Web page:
The book is divided into five long chapters, the first of which is devoted to considerations of method. Here Licona tackles the issue of horizons—the worldviews that historians bring to their research, which almost inevitably impact how they interpret the relevant data, and therefore what conclusions they draw. Throughout the book it is evident that Licona has a special interest in horizons and striving for objectivity. He outlines several strategies for reducing bias, and, since one of these strategies asks historians to make their horizons public, Licona even concludes the first chapter with a couple pages of “confessions,” where he outlines his own worldview and other relevant personal background information.
Licona also discusses the debate between postmodernist and realist approaches to history, arguing that, while postmodernists have provided some helpful cautions, in the end the postmodern approach to history is too extreme, being based in an implausible brand of skepticism. For this reason, most historians are realists. Licona observes that:
While biblical scholars appear to be moving in the direction of postmodernist history, their historical cousins have recently completed a lengthy debate between postmodern and realist approaches and have for the most part abandoned postmodernism. It is surprising to find biblical scholars who appear to regard themselves as pioneers in adopting a postmodern approach, apparently oblivious to the fact that others have already camped there, extinguished their fires, scattered the ashes and returned home to realism.
Licona also opts for “methodological neutrality” with regard to historical texts and hypotheses. Neither the reliability or falsehood of texts and hypotheses should be presupposed, but rather the burden of proof should be shouldered by anyone who makes a claim regarding them. Licona goes on to outline the criteria by which historical hypothesis may be evaluated. True to his intent, he models his methodological approach on that of historians outside the biblical studies community.
Chapter two is devoted to the question of miracles. What place (if any) do miracles have in historical investigations? Licona considers the arguments of several thinkers (Hume, McCullagh, Meier, Ehrman, Wedderburn, and Dunn) who have attempted to show that a historian cannot establish the past occurrence of a miracle. Though he finds all of these arguments unsuccessful, he draws some important insights from them that help in the construction of a principle for identifying miracles. According to Licona, we may recognize that an event is a miracle if:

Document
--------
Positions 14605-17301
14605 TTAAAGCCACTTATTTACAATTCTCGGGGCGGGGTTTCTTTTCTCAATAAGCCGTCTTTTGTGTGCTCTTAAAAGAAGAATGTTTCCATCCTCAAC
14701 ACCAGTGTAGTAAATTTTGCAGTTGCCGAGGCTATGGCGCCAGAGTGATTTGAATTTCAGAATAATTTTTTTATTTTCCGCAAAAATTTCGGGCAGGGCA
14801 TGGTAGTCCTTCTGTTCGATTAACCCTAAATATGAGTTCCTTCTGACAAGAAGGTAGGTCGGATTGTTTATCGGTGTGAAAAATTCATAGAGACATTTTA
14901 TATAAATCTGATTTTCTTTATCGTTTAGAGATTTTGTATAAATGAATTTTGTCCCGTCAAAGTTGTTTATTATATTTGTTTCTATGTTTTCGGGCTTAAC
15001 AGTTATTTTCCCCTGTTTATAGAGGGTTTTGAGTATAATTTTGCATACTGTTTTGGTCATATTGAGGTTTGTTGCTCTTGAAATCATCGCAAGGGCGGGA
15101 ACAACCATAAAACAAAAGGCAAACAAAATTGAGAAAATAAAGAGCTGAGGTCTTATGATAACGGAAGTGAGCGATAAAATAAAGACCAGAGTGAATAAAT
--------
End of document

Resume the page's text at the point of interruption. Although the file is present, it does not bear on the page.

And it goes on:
- it is extremely unlikely to have occurred given the circumstances and/or natural law and
- [it] occurs in an environment or context charged with religious significance.
Once this preliminary work is out of the way, Licona begins to apply the methodological findings of the first two chapters to the fate of Jesus. He begins this phase of the investigation by surveying the relevant literature written within 200 years of Jesus’ death, and rating each source according to its usefulness. Licona ultimately concludes that Paul’s letters and the various oral traditions that they contain are the most valuable sources available, while the canonical gospels, 1 Clement, Polycarp’s letter to the Philippians, the speeches in Acts, the Gospel of Thomas, and occasional non-Christian sources are somewhat less useful but still valuable. Licona finds other sources mostly unhelpful.
With this material in hand, Licona sets out in chapter 4 to establish the “historical bedrock” regarding the life and fate of Jesus—the set of relevant historical facts which are so firm that any viable hypothesis must accommodate them. He notes several facts about the life of Jesus which qualify as historical bedrock: that Jesus was known by his contemporaries as a miracle-worker and exorcist, that he believed himself to be God’s eschatological agent, and that he predicted his own death and resurrection. Licona expresses some surprise at the amount of support that exists for the latter fact. He also notes that the historical bedrock pertaining to Jesus’ life shows that the resurrection, if it occurred, occurred in a religiously charged context—an important observation considering Licona’s criteria for identifying a miracle.